The Subwoofer DIY Page - Projects
The Mini-Me V2
10 March 2019
This is a redesign of a pair of "garage speakers" that I built a few years ago, using some spare components I had lying around.  The "Mini-Mes" were getting a lot of use as part of my youngest daughter's bedroom system (along with the "El Uglito" subwoofer that was still going strong with some new drivers from Madisound), and the rubber surrounds on the bass drivers was starting to fail, so I decided to keep the boxes, upgrade the drivers, and make new crossovers for them.

The Upgrade
The drivers I chose for the upgrade were the Faital Pro FE120 120mm bass driver (mostly because it was a 4 ohm driver that very similar mounting requirements to the drivers that they were replacing) and the Dayton Audio ND28F 28mm tweeter (for similar reasons). To come up with the best crossover for the chosen drivers, I took my usual approach of measuring them "raw" mounted in the speaker box, and then using the resulting FRD and ZMA files in XSim to design the crossover.  The final crossover that I opted to use turned out to be pretty simple, resulting in an acoustic crossover point around 1.4kHz.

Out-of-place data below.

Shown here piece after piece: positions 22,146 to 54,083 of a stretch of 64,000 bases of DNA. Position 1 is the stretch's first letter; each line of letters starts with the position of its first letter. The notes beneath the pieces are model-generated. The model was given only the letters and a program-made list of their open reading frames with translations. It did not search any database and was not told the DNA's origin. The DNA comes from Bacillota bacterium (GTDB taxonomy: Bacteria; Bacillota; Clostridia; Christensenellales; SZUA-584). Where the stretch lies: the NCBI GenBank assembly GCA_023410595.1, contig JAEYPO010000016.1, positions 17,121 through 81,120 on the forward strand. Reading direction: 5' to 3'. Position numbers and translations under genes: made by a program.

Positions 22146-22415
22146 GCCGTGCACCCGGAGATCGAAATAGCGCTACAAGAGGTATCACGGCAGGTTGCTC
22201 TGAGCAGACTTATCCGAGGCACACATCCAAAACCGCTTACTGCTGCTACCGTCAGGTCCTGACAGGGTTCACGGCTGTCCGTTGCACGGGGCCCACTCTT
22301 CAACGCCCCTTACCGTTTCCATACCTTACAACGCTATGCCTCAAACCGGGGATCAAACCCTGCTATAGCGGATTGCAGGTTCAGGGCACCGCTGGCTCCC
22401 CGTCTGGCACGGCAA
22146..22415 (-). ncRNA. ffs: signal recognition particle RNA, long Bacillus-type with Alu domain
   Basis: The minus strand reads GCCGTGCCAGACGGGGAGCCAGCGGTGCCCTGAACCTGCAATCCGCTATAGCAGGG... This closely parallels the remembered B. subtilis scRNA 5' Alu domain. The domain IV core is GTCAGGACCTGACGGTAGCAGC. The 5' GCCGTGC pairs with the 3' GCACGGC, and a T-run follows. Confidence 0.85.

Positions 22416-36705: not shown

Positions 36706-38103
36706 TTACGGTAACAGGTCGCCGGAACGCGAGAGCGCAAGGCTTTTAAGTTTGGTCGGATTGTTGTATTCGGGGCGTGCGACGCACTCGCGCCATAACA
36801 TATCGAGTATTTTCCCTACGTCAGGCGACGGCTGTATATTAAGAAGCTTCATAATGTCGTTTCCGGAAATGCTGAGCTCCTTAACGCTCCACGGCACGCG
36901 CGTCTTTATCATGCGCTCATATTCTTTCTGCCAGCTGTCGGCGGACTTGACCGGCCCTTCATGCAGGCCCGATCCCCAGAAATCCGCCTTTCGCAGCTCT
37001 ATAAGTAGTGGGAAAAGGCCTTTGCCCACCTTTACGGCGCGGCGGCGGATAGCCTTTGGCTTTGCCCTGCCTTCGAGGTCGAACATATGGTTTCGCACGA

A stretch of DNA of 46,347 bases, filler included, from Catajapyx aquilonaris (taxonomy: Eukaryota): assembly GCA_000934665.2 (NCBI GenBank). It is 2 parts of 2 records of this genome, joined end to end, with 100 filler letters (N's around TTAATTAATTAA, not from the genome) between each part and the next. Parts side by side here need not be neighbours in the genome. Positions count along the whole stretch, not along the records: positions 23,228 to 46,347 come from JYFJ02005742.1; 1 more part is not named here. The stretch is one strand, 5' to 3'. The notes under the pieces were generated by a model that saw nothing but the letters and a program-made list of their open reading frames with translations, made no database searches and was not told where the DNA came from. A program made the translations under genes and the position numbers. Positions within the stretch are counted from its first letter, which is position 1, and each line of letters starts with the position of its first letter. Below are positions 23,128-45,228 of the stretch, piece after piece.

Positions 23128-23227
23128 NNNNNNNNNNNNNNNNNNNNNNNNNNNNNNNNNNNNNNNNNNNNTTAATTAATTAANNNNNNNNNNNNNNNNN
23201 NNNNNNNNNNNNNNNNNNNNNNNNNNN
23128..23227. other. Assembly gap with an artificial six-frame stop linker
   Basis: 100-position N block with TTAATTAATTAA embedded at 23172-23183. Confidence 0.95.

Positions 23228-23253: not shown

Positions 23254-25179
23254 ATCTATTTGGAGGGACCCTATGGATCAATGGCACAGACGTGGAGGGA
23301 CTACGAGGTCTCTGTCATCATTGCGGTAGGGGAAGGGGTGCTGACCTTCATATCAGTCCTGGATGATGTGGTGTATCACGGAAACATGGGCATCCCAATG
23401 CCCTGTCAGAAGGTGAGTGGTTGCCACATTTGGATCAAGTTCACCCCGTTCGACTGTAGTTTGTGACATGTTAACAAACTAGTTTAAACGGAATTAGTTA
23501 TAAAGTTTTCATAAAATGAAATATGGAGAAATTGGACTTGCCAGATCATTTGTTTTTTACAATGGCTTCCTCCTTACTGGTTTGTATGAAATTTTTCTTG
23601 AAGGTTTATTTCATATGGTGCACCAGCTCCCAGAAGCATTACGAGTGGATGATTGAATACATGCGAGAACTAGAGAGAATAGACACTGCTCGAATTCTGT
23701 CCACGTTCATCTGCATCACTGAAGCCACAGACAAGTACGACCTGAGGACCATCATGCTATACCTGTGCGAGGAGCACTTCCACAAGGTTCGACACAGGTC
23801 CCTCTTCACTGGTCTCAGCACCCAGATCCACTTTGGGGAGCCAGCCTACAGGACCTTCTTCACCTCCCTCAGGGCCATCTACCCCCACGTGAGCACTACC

Mini-Me V2 crossover

Mini-Me Frequency Response

The results sound pretty good to my ears.  In fact, it's almost impossible to detect that the bass and highs are coming from separate drivers, even when standing pretty close to the finished speakers.  There IS a bit of a dip around 4kHz in the combined frequency response curve, but this disappears on off-axis measurements, so I didn't both dealing with it as it would have made the resulting crossover considerably more complex. 

Of course, the refurbished "Mini-Me" speakers still look a bit like garage speakers, but now they look like more refinined garage speakers and sound pretty good too.

 The Mini-Me